The pursuit of stable performance led to Philips' development of the single-beam swing arm system. Imposing a couterweight (balancing weight) on the side facing the optical lens block enables the system to adjust the weight distribution and move the optical system usigin relatively minimal power. It also facilitated increased structural precision and, perhaps even more importantly, allowed overall movement to be controlled using highly versatile analog servo circuitry.

CDs are irradiated with a 780nm red laser beam from the polycarbonate resin substrate side, and whether the digital data is "0" or "1" is determined by an increase or decrease in the reflection of the laser beam. Thus, extremely accurate optical technology (lens design, lens fabrication, special coatings, and precise assembly) is required for the small optical pickup block.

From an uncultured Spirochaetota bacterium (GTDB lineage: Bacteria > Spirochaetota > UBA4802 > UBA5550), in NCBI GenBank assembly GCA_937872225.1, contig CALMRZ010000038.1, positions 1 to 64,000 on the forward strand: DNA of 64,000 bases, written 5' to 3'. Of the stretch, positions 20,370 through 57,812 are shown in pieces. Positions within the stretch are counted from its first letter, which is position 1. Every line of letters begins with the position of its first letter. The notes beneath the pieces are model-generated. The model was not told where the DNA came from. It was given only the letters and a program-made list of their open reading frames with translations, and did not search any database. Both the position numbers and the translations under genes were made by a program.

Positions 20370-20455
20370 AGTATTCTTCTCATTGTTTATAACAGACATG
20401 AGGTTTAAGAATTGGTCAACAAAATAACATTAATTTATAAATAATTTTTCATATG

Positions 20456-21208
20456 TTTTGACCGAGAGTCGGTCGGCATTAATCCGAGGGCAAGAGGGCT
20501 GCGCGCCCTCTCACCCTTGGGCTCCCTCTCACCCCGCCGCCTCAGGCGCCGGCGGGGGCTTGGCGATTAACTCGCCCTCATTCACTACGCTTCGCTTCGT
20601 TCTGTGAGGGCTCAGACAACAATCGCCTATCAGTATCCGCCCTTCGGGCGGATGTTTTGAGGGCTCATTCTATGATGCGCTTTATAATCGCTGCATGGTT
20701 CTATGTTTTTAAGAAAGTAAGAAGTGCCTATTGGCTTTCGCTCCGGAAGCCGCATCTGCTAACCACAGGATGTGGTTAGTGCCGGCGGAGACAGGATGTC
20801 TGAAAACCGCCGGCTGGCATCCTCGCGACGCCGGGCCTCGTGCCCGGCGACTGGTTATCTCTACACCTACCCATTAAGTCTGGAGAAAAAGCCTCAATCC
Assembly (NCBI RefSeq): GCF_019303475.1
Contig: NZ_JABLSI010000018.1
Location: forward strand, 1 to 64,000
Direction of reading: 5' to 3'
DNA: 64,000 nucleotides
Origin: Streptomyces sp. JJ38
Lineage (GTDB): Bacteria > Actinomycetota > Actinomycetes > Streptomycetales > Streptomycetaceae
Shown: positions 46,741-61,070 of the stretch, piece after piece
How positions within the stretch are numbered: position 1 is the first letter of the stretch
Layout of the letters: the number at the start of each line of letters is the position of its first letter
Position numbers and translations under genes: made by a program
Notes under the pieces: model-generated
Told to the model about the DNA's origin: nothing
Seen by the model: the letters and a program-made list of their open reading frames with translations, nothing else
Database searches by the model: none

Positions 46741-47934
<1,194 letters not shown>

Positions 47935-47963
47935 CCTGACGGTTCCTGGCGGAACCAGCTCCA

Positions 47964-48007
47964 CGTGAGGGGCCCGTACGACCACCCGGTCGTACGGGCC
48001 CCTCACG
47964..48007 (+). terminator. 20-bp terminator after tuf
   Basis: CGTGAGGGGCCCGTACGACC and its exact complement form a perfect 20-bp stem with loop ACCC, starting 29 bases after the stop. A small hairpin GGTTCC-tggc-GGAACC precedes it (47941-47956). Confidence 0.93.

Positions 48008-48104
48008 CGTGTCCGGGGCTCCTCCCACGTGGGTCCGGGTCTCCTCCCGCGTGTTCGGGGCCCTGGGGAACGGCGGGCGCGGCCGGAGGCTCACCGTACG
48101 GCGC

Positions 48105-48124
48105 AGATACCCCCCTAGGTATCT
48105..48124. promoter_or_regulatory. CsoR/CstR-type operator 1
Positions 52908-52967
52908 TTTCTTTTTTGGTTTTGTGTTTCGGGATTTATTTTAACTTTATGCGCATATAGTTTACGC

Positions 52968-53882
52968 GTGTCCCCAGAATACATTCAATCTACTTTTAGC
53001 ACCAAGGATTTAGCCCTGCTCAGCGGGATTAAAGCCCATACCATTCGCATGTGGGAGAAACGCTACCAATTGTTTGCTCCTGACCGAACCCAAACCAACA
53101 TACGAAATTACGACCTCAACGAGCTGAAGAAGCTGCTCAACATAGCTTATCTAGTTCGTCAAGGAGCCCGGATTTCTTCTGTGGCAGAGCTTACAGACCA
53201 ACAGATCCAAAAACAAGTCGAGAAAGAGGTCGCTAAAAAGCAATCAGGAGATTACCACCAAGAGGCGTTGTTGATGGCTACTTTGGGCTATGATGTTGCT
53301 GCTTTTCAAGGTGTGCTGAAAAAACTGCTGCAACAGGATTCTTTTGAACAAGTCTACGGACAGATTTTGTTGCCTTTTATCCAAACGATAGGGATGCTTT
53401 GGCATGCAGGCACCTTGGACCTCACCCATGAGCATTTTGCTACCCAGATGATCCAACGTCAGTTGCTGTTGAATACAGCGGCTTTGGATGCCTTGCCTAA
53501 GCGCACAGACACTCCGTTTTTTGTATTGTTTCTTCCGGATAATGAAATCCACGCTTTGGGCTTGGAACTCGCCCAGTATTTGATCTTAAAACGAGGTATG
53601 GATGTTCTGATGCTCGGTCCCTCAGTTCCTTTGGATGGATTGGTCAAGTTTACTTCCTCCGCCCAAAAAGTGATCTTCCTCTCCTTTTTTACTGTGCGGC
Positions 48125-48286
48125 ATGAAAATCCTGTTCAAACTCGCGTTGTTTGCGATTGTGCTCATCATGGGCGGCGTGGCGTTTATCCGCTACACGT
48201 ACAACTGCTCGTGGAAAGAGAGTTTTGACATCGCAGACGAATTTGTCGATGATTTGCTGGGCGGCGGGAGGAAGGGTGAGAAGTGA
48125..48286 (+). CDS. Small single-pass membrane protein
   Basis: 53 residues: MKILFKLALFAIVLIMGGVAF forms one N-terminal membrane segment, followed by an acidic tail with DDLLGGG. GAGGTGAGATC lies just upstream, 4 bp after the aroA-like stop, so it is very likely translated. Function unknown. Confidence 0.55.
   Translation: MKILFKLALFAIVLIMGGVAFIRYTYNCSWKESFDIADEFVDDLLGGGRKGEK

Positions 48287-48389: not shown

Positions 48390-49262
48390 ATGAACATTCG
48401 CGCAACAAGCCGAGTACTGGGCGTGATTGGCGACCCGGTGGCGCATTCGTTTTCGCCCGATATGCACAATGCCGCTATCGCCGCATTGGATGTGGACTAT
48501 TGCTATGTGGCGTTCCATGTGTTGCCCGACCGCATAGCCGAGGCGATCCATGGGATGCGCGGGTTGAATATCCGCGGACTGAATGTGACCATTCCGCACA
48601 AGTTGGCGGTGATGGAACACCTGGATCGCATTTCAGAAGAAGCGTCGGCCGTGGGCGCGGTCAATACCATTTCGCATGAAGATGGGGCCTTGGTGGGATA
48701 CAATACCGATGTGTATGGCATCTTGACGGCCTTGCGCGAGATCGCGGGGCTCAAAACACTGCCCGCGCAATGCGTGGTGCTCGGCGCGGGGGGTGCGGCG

The Philips CDM0, as indicated by its model number, was the first CD drive mechanism to be developed. However, not all Marantz CD-63s, Marantz CD-73s and Philips LHH2000s were equipped with the Philips CDM0. The Philips CDM0 was replaced by the new and improved Philips CDM1 after a relatively short periode. The steel plate and some other parts used in the Philips CDM0 were found to be problematic during mass production.